According to the UN around 12 million people do not have citizenship of any country.

(So, how do you end up stateless? It can happen when nations such as the Soviet Union and Yugoslavia break up, or new countries come into being after colonial powers leave, such as in parts of Africa and Asia, and without a nationality people can find it difficult to acquire any kind of legal status, including issues like property rights, getting married legally, registering the birth of a child or simple things like opening a bank account. It makes me value my passport a bit more.)

Interesting Fact - Education - Podcast

According to research from the Office for National Statistics, one in seven university graduates in the UK ends up earning no more than people in work who left school with just GCSEs (typically taken at the age of 16).

(The same study shows that one in five graduates earns less than a worker whose education ended with A-levels (typically taken at the age of 18). The explanation is that the financial advantages of a degree have fallen as the number of graduates has risen. It makes me wonder why I ever went to Uni, but then I work for nothing most of the time, so it's lucky they didn't ask me.)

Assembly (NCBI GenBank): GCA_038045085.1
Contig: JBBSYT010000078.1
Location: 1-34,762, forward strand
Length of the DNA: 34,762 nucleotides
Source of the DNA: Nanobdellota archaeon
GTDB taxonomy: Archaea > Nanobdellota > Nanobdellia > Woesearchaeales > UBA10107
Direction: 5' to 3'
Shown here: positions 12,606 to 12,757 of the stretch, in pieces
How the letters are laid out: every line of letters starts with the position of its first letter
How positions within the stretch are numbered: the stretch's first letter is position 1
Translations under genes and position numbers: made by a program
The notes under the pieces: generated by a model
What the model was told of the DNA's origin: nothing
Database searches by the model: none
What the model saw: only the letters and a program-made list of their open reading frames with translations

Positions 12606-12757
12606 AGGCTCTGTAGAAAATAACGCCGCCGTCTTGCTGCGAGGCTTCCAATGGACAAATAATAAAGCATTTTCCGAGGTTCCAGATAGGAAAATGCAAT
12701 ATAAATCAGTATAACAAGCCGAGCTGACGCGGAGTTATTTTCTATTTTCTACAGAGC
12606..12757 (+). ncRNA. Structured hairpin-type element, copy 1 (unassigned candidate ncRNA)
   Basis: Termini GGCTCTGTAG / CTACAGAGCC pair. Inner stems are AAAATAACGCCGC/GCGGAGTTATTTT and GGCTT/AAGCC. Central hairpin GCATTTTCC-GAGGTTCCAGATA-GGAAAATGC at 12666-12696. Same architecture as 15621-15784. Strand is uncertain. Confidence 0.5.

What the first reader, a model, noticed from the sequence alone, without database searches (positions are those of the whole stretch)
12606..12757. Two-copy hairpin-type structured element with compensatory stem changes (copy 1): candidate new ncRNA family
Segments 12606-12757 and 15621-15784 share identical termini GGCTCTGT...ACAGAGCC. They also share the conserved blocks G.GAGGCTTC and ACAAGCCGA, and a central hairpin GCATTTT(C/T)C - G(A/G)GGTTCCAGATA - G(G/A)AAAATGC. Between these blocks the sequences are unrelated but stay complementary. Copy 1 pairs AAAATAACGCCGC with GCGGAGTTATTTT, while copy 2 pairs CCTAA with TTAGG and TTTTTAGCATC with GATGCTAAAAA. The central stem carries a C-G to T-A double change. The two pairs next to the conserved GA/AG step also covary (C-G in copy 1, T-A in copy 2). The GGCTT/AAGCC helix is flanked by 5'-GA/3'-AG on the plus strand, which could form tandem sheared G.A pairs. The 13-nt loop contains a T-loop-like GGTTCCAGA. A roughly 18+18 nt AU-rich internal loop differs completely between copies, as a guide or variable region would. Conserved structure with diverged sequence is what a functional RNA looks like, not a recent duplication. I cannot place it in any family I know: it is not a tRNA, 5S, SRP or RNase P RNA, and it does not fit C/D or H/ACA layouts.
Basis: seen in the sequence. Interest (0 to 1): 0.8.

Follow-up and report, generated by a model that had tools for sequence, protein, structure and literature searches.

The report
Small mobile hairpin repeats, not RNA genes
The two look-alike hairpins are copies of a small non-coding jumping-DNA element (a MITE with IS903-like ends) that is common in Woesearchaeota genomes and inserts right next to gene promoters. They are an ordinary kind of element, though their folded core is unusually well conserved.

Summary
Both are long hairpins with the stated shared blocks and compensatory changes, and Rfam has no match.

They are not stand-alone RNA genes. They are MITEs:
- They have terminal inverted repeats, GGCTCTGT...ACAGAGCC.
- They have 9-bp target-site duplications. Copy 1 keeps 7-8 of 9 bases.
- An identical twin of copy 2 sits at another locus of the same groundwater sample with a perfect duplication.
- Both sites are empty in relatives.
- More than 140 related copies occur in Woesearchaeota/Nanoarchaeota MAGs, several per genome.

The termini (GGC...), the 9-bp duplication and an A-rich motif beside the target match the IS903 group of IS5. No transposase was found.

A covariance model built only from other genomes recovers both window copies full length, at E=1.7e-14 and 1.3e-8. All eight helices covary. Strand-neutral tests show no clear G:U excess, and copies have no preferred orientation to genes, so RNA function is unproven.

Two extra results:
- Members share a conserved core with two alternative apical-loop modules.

Interesting Fact - Cooking

Researchers at Harvard University have deduced that early humans cooked up their first hot meals more than 1.9m years ago.

(They base their findings on tooth size and how much time was spent actually eating (cooked food requires less chewing than raw). Homo erectus, who emerged in Africa around 1.9m years ago, spent 6.1% of its time eating and Neanderthals, spent 7% of their time, but more primitive species, such as Homo habilis and Homo rudolfensis, who emerged before Homo erectus and the Neanderthals, spent 7.2% and 9.5% of their day eating. If the estimates are right, it suggests they may have been less accomplished cooks than Homo erectus and the Neanderthals. Maybe the English are more closely related to them.)